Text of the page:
How to find SAT prep courses for your child’s needs?
Parenting never ends, and so too when you’ve already got teenagers. As your child grows and begins to venture into more challenging responsibilities, parents have a huge role to play as well. One of these has to do with the SAT’s. While many others may find the SATs a breeze to go through, a majority is also of the opinion that it takes a lot of effort and preparation. There’s no easy way out.
That said, here are some tips for you to keep in mind, in finding SAT prep courses for your children:
Understand the needs of your child
No two children have the same academic needs. Not even if they’ve been in the same class all their life, or if they’ve tackled the same subjects. As you browse through the course outline of varying SAT prep courses, it’s imperative, therefore, for you also to understand the needs of your child. Remember that these are courses to help improve scores of your child. Hence, you have to meet that goal by understanding your child’s needs. Ask the following questions:
- What subjects/areas do my children have difficulty with?
- What are the strengths of my child that don’t need much attention or focus on studying?
Through answering these questions, you have a better assessment as to whether or not specific SAT prep courses are the best match to that of your child’s needs.
Choose a challenging course
Encourage your child to take up a rigorous course, one that’s harder than what he or she is used to at school. That way, throughout the study process, your child is also trained in thinking and understanding the concepts better. The SAT really is, in essence, a test designed to test the taker as to how much they’ve learned or grasped in school. If they’ve been lagging a bit behind the usual standard, taking a challenging course will put them back on track. This will help you ensure that your child gets all the prep they need for their exams.
Set a specific goal
Each SAT prep course has its strengths and weaknesses, too, as to topics covered in relation to the scoring system of the SAT. It’s your job, therefore, to help your child set a specific and measurable as to the score goal of your child. You can do this by looking through previous SAT exams and the division of topics, difficulty level, and scoring system. Then, work through each area as to the specific scores that your child should aim for.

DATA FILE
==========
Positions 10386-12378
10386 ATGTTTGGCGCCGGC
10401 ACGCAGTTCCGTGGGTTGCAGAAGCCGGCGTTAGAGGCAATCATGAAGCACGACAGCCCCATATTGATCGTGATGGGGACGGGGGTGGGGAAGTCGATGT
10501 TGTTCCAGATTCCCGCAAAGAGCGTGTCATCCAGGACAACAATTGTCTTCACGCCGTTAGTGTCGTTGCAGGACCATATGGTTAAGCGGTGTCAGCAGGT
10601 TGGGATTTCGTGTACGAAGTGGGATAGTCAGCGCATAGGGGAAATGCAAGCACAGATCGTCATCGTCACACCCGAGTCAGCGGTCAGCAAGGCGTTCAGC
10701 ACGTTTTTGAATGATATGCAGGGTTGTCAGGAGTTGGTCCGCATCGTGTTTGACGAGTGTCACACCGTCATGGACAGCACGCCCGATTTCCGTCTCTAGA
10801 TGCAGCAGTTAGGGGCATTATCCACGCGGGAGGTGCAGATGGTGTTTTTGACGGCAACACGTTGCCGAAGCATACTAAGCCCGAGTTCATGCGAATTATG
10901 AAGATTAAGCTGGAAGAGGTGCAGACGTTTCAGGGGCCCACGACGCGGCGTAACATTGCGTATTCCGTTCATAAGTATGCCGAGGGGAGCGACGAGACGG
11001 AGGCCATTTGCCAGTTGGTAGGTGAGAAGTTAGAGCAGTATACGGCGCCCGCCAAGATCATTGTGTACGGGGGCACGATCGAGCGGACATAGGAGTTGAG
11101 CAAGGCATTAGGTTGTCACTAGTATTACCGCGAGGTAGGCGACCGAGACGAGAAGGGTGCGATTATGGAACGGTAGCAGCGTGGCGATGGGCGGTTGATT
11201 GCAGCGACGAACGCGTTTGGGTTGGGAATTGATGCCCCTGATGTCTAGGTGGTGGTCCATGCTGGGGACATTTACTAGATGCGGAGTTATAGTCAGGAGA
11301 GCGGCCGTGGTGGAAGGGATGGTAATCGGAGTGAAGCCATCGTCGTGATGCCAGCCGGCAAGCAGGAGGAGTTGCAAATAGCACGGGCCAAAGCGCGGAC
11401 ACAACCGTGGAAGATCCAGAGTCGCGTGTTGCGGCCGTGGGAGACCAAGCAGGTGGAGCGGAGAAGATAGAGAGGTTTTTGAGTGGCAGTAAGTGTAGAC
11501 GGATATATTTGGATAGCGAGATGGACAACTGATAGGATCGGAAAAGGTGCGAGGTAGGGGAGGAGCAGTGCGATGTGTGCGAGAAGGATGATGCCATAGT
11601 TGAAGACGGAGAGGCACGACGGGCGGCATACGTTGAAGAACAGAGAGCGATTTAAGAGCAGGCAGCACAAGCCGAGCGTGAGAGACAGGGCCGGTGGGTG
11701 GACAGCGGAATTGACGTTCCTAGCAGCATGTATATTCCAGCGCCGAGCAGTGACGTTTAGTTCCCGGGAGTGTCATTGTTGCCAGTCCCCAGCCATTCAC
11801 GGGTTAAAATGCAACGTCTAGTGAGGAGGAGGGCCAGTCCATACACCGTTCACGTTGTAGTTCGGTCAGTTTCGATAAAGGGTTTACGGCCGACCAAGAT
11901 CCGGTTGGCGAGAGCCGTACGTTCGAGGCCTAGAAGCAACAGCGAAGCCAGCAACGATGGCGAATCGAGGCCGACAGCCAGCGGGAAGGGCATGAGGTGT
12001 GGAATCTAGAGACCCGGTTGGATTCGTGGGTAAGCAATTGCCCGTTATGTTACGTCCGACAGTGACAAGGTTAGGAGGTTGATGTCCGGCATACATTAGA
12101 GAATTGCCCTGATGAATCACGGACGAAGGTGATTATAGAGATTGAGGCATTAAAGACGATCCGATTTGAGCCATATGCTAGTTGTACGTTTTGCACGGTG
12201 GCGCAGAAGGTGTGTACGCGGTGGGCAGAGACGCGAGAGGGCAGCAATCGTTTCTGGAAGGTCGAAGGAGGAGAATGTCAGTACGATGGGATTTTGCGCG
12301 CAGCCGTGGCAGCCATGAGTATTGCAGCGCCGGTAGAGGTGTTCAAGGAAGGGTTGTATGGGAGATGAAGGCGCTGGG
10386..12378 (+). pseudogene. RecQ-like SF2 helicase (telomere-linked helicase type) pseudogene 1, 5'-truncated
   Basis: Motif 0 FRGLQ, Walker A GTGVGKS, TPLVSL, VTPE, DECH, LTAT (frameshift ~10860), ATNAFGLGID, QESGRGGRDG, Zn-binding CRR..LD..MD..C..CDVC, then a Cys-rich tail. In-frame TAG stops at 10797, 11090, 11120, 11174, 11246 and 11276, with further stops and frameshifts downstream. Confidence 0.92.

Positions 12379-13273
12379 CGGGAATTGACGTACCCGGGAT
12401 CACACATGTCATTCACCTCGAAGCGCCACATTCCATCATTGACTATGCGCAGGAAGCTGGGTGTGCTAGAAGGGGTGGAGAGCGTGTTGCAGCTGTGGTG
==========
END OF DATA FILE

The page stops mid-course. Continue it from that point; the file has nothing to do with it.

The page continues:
In this manner, you can better match the SAT prep course with that of your score goals. Is it in reading comprehension that you know your child can score the highest on? Or would they prefer writing instead?
Another way for you to filter through the myriad of options that may be available to you is for you to choose the prep course that best encourages reading for your child. The SAT is going to have a lot of reading involved. If your child is not the type to read a lot or enjoy reading, then they’re only going to have a hard time keeping up, come test day.
As the SAT prep course usually expands through a sequence of one to three months, that means your child is also getting three months’ worth of reading practice. This can come in handy once they take the final SAT.
Consider your child’s schedule
The SAT prep course that you choose should also be one that fits into your child’s schedule. Remember that they have to take this simultaneously while attending classes and other extracurricular classes. While the SAT prep course is highly encouraged, it ceases to be effective once it starts to have a burning up effect on your child.
Browse through each course outline provided by the SAT courses you’re looking to enroll your child in. Then, try to create a study schedule based on each course topic covered, plus the current schedule of your child. Choose the one that fits best with that of your child’s current schedule.
Browse through reviews
All thanks to technology, the Internet truly is one of your best resources. As you also browse through multiple SAT prep courses, it helps to read through each of the reviews carefully. Most of these are written by those that have taken the class before. If there’s anything that speaks to be a red flag for you, then perhaps it’s best for you to choose another one instead.
The SAT is one of the most challenging standardized examinations that your child will ever have to go through. There is no one-size-fits-all approach to passing and acing the SAT. But, there are ways for you to get your child ready. One of the most effective is through going through prep courses. As you select from the many available options, follow these tips, and you’ll be more assured of landing the prep course that genuinely fits the needs and preferences of your child.